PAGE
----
Gift Card Fraud: When The Thought Doesn’t Count
Gift card fraud is a popular entry-level crime because of the low chance of prosecution and the ease of theft. Anyone with a cell phone can snap a quick photo of the back of a gift card. Cashier error is often blamed and the store would rather eat the loss rather than alienate a customer.
With a busy holiday season approaching, your store will see more gift card activation as well as purchases made with gift cards. Now is the time to address the top ways thieves activate gift cards illegally and how to protect your store.
Gift Card Fraud is on the Rise
The popularity of gift cards makes them an easy target for theft. Consider just a few statistics around gift card purchases and gift giving.
- Gift cards are the top requested gift for the holiday season (1)
- The most popular gift card categories are: restaurants, grocery stores, pre-paid credit cards, coffee shops, and entertainment (2)
- Gift card purchases are estimated to hit $160 billion by this year (2018) (3)
- Approximately 93% of people will receive a gift card as a gift (4)
- Almost all gift cards (90%) are redeemed within 60 days (5)
Cloning Gift Cards
One of the top ways to activate a gift card illegally is also one of the easiest. Thieves will steal a stack of gift cards, write down or photograph the numbers, and then return the gift cards to their display. Now they only need to wait for the gift card activation in order to steal the cash.
If a card has a PIN number, they can either scratch off the number and leave it bare. Or they can recover the PIN number with easily purchased security tape.
Most gift cards have a toll free number in order to check balances on gift cards. An amateur will just call and check balances, waiting for the card to be activated. More sophisticated thieves have phone robots which automatically call and check balances.
Switching Out at the Register
Another popular way to activate gift cards illegally is often achieved by your cashiers. In this scam, cashiers switch out partially used or newly activated cards with zero balance cards which they hand to the customer.
Maybe they only have $5 left on a coffee card or they just activated a $100 gift card. Either way, the cashier hands over a duplicate card with a zero balance and pockets the loaded gift card.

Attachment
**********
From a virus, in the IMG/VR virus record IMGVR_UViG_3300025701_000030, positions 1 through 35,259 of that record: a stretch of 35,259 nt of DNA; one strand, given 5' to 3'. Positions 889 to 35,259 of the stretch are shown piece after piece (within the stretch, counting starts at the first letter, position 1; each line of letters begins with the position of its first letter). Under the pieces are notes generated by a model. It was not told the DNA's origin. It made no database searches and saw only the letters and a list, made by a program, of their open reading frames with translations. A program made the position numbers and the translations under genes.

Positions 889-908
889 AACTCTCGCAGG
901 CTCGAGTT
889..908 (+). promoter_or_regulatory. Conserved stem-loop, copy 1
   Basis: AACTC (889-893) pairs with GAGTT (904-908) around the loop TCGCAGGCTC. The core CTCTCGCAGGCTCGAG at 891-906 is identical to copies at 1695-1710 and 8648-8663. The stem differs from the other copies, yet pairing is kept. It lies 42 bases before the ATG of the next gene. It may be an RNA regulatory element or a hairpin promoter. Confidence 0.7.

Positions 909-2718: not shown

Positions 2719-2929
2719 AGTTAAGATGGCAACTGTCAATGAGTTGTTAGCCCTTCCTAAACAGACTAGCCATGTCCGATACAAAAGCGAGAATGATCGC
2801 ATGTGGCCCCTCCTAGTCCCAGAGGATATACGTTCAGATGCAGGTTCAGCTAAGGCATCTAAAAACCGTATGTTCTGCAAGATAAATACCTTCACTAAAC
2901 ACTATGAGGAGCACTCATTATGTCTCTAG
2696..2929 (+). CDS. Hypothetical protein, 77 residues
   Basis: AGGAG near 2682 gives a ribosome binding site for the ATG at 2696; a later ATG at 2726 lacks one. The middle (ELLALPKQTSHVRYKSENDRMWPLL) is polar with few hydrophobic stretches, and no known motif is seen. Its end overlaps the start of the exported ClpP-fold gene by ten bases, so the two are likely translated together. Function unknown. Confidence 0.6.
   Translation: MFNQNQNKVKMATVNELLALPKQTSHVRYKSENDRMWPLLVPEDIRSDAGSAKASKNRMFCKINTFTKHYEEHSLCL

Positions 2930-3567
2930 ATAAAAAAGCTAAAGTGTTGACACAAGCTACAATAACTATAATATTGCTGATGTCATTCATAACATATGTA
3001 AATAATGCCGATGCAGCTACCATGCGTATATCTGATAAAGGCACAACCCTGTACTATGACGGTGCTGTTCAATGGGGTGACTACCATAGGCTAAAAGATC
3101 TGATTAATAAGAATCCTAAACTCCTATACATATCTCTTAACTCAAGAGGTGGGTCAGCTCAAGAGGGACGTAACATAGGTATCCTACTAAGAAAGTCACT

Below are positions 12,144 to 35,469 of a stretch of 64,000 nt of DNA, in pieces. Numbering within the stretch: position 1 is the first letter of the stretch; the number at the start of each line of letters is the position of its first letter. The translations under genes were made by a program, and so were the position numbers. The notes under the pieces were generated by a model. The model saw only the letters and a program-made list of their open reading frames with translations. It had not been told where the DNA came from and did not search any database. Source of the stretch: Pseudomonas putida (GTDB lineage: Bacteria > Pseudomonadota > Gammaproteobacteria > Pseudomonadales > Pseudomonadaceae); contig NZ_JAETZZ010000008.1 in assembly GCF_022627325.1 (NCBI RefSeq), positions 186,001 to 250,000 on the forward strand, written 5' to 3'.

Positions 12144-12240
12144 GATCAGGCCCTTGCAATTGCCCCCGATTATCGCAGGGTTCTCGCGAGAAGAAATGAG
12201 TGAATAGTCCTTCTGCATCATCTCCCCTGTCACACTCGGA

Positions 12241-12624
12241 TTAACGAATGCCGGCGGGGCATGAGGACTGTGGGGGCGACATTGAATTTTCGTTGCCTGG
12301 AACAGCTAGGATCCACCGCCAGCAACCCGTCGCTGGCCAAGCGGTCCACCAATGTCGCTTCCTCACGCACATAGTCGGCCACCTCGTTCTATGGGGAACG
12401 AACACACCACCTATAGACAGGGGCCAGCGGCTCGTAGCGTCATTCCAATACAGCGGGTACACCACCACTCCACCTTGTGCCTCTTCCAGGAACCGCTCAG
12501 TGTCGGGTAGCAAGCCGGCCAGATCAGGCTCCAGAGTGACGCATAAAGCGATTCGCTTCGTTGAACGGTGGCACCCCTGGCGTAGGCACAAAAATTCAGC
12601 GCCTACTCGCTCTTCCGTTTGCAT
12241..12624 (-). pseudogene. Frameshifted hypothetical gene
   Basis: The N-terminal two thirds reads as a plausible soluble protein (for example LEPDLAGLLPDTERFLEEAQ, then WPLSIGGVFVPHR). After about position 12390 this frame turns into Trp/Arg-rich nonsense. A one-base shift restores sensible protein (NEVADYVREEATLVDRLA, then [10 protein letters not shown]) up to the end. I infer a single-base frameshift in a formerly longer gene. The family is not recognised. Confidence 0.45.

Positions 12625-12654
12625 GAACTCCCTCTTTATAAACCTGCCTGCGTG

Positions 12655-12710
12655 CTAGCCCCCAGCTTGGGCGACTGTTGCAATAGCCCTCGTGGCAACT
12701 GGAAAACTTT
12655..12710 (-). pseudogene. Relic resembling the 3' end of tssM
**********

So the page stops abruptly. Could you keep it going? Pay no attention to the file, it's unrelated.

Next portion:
Best practices for gift card fraud suggest you investigate any customer complaints about zero balance gift cards by checking POS records and video surveillance. Review the data and see if same cashier is implicated in the gift card fraud.
Cracking Down on Gift Card Fraud
In today’s world of online reviews, it only takes one irate customer to tarnish your store’s reputation. Gift card fraud can cost your business both money and goodwill. There are several steps you can take to minimize gift card fraud in your store.
Keep gift cards secure
Rather than keeping gift cards openly accessible on the store floor, display gift cards behind the counter or under video surveillance. Keep the area clean and organized.
Look for signs of tampering
With all your gift cards in one area, you should be able to review the packaging carefully. Look for scratched off or replaced security tape over PIN numbers. Check for opened packages or bent cardstock packaging.
Create a stringent gift card policy
Train your employees to follow a detailed gift card policy.
- Only apply gift cards which are present. (Do not accept numbers written down or memorized or photographed copies.)
- Require receipts and ID for the return of gift cards.
- If a customer brings back a gift card with a zero balance, double check the cashier who rang the sale. Look for patterns of employee abuse.
Monitor gift card resale sites
If your store issues company branded gift cards, monitor resale sites which sell gift cards and boast of half price gift cards. If it sounds too good to be true, if often is.
Ring gift card purchases last
If the sale is rung at the beginning of the transaction, an accomplice might be using the activated gift card right away. The customer then claims they no longer want the gift card and it is removed from the purchase. But the balance is already at zero.
A thorough retail loss prevention program addresses gift card fraud and the many ways to combat illegally activated gift cards at the cashier and employee level.
Jim Close is the Director of Loss Prevention at DIGIOP, bringing over 25 years of experience in all facets of Loss Prevention. His work with retailers spans from gift card fraud to internal theft.
Upcoming Gift Card Fraud Webinar
Join DIGIOP on a free 30 minute webinar on Tuesday, October 30th at 11 am EST, Learn how to prevent gift card fraud and protect yourself this holiday season.